Diesel back below $2 a gallon as oil price sags

| 12/13/2004

The national average price-per-gallon for diesel fuel fell Monday, Dec. 13, to $1.997 from last week’s average of $2.069, the Department of Energy reported.

It was the first time since late September that the national average price of diesel was below $2 a gallon – and the first in months that California did not have the highest price of fuel.

The highest average prices in the nation are found in the New England region, where the average cost is $2.206.

Among the higher average prices were in California, at $2.138; the West Coast region, at $2.097; and the Central Atlantic region, at $2.184.

Other prices included the East Coast region, where the average price is $2.063; the Lower Atlantic region, at $1.998; the Rocky Mountain region, at $2.049; the Midwest region, at $1.953; and the Gulf Coast region, at $1.910.

Meanwhile, crude oil prices dipped Monday due to perceptions of a glut in the world market, despite OPEC’s decision to cut back on production. Prices had rallied earlier in the day on concerns the cut would leave the Asian market short.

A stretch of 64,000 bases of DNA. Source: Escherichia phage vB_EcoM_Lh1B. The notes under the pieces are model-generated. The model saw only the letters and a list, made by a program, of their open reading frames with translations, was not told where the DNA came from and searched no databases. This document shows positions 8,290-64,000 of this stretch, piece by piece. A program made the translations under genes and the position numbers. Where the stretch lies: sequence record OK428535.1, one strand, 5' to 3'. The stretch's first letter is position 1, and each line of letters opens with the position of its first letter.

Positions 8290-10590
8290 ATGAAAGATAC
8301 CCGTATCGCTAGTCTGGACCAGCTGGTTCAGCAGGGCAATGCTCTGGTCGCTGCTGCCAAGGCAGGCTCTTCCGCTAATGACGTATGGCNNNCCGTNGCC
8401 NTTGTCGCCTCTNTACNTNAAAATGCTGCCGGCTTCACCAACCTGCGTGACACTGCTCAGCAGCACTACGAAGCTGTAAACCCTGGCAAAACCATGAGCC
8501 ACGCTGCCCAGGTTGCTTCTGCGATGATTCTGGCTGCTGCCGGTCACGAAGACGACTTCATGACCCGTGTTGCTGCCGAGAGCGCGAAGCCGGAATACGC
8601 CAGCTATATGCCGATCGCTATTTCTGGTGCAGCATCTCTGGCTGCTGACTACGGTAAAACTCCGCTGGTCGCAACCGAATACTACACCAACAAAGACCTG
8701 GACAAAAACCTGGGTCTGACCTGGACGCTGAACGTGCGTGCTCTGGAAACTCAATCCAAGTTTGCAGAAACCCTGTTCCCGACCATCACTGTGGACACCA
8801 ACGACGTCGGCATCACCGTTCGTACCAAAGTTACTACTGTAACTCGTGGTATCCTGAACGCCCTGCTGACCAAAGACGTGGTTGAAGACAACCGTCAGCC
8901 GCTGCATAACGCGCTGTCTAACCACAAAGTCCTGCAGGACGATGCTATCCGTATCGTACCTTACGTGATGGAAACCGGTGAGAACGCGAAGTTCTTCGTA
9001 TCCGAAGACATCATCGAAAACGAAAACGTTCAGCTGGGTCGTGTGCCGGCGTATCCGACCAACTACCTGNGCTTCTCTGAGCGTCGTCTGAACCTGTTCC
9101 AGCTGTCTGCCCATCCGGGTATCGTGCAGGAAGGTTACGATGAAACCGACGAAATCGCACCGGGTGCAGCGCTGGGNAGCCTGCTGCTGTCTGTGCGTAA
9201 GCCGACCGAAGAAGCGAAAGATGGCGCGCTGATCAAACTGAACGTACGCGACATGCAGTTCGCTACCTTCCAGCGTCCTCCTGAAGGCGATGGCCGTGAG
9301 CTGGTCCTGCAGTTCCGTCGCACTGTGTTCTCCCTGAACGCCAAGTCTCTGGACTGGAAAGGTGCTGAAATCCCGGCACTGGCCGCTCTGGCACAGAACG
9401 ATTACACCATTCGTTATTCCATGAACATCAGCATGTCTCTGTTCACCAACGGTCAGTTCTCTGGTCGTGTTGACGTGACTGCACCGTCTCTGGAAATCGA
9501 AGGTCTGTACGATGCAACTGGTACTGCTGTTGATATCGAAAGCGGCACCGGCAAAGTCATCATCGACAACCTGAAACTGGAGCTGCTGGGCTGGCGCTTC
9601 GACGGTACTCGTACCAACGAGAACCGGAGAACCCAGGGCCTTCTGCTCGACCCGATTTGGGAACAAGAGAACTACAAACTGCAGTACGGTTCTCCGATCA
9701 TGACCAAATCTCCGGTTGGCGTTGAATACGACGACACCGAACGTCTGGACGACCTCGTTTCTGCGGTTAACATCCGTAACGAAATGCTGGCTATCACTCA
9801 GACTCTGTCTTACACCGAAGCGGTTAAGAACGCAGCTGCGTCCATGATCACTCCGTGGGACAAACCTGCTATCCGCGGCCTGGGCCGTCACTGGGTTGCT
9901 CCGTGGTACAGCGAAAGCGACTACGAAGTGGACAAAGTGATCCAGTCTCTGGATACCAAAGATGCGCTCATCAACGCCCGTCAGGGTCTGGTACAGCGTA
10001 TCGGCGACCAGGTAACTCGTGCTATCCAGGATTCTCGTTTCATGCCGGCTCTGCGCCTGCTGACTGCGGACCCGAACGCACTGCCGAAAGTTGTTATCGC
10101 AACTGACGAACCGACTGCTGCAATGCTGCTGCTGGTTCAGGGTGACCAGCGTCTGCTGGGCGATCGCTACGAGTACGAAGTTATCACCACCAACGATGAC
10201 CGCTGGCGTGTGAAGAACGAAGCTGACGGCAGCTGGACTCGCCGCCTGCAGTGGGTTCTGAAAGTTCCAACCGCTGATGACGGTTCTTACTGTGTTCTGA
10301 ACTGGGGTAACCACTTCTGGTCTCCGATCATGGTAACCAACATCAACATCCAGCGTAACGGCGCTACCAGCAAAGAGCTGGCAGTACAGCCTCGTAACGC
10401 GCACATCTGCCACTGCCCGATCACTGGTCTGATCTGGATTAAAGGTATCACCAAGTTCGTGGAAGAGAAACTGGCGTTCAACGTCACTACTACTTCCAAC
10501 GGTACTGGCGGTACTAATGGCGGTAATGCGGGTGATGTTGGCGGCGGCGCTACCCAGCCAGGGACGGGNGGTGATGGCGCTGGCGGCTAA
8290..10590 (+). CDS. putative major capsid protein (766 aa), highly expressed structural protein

But analysts told The Associated Press it would take weeks for the total OPEC cutback of 1 million barrels a day to be felt on world markets. Plenty of crude is still available in the pipeline because of the cartel’s overproduction in early fall after prices skyrocketed to record highs, they said.

After climbing above $41 a barrel, light sweet crude for delivery in January was down 19 cents to $40.52 per barrel in afternoon trading on the New York Mercantile Exchange.

Oil prices are nearly $15 a barrel cheaper than the all-time closing price of $55.17 recorded twice in late October, though prices remain roughly 40 percent higher than a year ago.

OPEC oil ministers agreed the cutbacks would take effect starting Jan. 1. But there was some confusion Monday after Kuwait’s Sheik Ahmed Al Sabah said reductions in output would start immediately, whereas the cartel’s president, Purnomo Yusgiantoro, said the production cut would take effect Jan. 1, as planned.

“There is still an oil oversupply of 1 million barrels a day this month, and this caused the drop in oil prices,” said Yusgiantoro, who also predicted demand would fall in the second quarter of 2005.

Analysts agreed it was too early to expect prices to rise as a result of OPEC’s decision.